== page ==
Set on the outskirts of town, Claridges Nabha Residence (tel. 0135/263-1426, -1427, or 011/2301-0211; fax 011/4133-5133; www.claridges-hotels.com; doubles from $250, breakfast and dinner included; ask about off-season discounts) is Mussoorie's best option, though not in the same class as its Delhi namesake. It is located on a serene and lovely estate (ca. 1845), once used by the Maharajah of Nabha for his summer escapades, and surrounded by cedar forest, where langur monkeys perform acrobatic feats watched by visitors lounging on the terrace -- a welcome break from the buzz of Mussoorie. Accommodations are large and comfortable but fittings (particularly in bathrooms) looking a little tired; the best are room nos. 110 through 115, which enjoy attractive forest views (no. 114 is the biggest room). The hotel conducts courtesy pick-ups from the Mall (about 10 min. away) throughout the day. If this old charmer is full, or you'd rather be in the heart of town, consider Park Plaza Sylverton (www.parkplaza.com; from Rs 7,000 double), a good and very popular option with Delhites -- located right on the Mall, it does offer some of the best Doon Valley views (ask for a room with one), but we prefer the more characterful stately mansion Kasmanda Palace Hotel (tel. 0135/263-2424 or -3949; www.welcomheritagehotels.com; doubles from Rs 4,000; you can negotiate a 20% discount on a double room in low season). The well-preserved former holiday palace of the Maharajah of Kasmanda, it's packed with antiques, animal skins, and hunting trophies, including an elephant's-foot piano stool. Ask for rooms with views of the Doon Valley, but be warned that you'll have to put up with stuffed animal heads mounted on the walls and a liberal use of gaudy floral fabrics; service can also be very laid-back. On the budget front, there are tons of choices, of which Padmani Nivas (Library, The Mall. tel. 0135/2631093; www.hotelpadmininivas.com; doubles from Rs 1,300) is arguably the best -- almost next to the Mall, it screens off most of the chaos with its cocoon of greenery and has great views with one side overlooking the valley; food (vegetarian only) is also good.
Note: The summer months (Apr-June) and October are extremely popular with domestic tourists, and hotels everywhere in the hills tend to cave under the strain of rampant business, and what would otherwise be a quiet environ can turn into a nightmare for those looking for a peaceful retreat.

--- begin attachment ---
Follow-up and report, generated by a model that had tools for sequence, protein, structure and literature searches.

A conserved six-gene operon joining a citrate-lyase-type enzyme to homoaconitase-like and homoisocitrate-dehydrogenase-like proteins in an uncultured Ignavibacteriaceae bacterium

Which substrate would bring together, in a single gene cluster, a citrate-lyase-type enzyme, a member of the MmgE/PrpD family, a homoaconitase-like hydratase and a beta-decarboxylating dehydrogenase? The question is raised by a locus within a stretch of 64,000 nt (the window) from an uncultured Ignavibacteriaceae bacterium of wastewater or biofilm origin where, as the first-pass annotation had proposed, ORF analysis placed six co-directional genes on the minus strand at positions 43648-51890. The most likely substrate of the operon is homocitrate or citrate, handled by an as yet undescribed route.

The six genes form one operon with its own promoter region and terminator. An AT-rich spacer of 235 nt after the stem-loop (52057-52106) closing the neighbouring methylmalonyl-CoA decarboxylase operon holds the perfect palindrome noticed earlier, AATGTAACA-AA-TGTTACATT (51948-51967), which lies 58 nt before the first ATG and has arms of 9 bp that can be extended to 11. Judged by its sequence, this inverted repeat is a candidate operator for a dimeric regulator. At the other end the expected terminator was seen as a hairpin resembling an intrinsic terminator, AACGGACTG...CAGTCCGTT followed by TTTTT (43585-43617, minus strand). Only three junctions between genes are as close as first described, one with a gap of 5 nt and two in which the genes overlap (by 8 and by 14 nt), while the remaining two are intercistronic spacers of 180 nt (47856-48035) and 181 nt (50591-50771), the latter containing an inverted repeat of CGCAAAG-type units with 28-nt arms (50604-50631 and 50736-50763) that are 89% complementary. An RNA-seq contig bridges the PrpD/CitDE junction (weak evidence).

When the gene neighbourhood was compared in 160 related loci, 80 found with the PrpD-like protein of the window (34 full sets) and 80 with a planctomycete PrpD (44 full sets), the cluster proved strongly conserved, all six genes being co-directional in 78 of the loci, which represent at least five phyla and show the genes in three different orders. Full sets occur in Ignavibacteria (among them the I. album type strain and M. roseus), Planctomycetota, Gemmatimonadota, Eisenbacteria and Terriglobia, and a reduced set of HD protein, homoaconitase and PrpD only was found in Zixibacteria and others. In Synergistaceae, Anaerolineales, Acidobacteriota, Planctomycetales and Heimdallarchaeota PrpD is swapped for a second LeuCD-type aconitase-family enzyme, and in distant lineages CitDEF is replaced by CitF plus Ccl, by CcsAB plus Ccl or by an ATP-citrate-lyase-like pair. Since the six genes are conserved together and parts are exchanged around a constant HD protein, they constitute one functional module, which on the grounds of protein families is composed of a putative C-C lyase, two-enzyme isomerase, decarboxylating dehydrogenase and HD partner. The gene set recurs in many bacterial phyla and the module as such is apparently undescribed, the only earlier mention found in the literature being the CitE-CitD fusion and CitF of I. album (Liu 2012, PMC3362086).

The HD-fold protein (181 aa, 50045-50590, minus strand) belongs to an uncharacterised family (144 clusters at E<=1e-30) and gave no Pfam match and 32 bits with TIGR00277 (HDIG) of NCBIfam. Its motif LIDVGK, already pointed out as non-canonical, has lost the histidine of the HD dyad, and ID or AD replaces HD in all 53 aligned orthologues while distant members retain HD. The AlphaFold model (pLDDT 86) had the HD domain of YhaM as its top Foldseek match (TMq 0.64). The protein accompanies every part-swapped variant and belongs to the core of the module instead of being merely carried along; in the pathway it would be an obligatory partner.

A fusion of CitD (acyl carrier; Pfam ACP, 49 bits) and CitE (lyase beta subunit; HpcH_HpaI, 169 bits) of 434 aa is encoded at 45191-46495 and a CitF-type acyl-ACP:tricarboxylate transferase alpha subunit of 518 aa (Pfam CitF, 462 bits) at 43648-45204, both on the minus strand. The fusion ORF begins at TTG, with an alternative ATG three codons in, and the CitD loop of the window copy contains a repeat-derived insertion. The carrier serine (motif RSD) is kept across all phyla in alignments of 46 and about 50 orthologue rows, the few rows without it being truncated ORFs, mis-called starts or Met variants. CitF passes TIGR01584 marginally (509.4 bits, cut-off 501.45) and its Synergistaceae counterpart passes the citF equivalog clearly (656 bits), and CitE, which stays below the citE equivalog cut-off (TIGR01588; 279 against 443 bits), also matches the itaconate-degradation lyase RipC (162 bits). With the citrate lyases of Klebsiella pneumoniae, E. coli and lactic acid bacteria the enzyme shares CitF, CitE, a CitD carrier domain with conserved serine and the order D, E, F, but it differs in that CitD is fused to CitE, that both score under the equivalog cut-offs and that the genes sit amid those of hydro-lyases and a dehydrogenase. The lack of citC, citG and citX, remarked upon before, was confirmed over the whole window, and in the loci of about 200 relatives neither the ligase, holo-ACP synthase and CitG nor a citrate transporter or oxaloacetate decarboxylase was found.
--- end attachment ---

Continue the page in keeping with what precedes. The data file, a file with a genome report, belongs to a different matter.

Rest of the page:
In a town full of ashrams and sadhus, you might very well expect Rishikesh luxury to involve a bed of sharpened nails. Fortunately, you can indulge in the unadulterated luxury of one of the country's finest (indeed internationally renowned) spa resorts: Ananda-in-the-Himalayas, located just outside Rishikesh itself. But for the most unusual and truly lovely place to stay, don't miss The Glasshouse on the Ganges, which enjoys a remarkable location slap-bang on the edge of the great Ganga; if you book the right room, you can hear the waters roaring by from the comfort of your four-poster bed; in terms of value and location it gets our top recommendation but bear in mind it is about an hour from Rishikesh, and won't suit those looking for a hotel with action. Also well situated on the river, about 19km (12 miles) from Rishikesh is Himalayan Hideaway (tel. 011/2685-2602; www.hhindia.com), a lodge owned by the couple who run the Himalayan River Runners outfit (their riverside camp is 2km/1 1/4 miles away). Accommodations are in stone cottages set in a forest near the Ganges (an 8-min. walk); all have air-conditioning and decent bathrooms (shower only) done out in stone and tile. Select a river-view room (Rs 4,900 double), gorge on delicious meals, go rafting, or while away the hours watching the river; trips to Rishikesh for sightseeing and the evening Ganga Aarti are easily arranged. If you really want to be near the action (and the noise), the most acceptable choice is Hotel The Great Ganga (Muni-ki-Reti, Rishikesh 249 201; tel. 0135/244-2243; www.thegreatganga.com; doubles from Rs 2,790), which is fine if you just need a clean place to sleep and don't plan on hanging around during the day. Some of the rooms have little terraces that overlook the Ganges, but be aware that you'll be picking up a lot of traffic noise. Accommodations have marble floors, kitschy fabrics, and very firm mattresses, and the small tiled bathrooms have aging tubs. Do not even consider the suites, which are in a shabby apartment block next door.
Note: This information was accurate when it was published, but can change without notice. Please be sure to confirm all rates and details directly with the companies in question before planning your trip.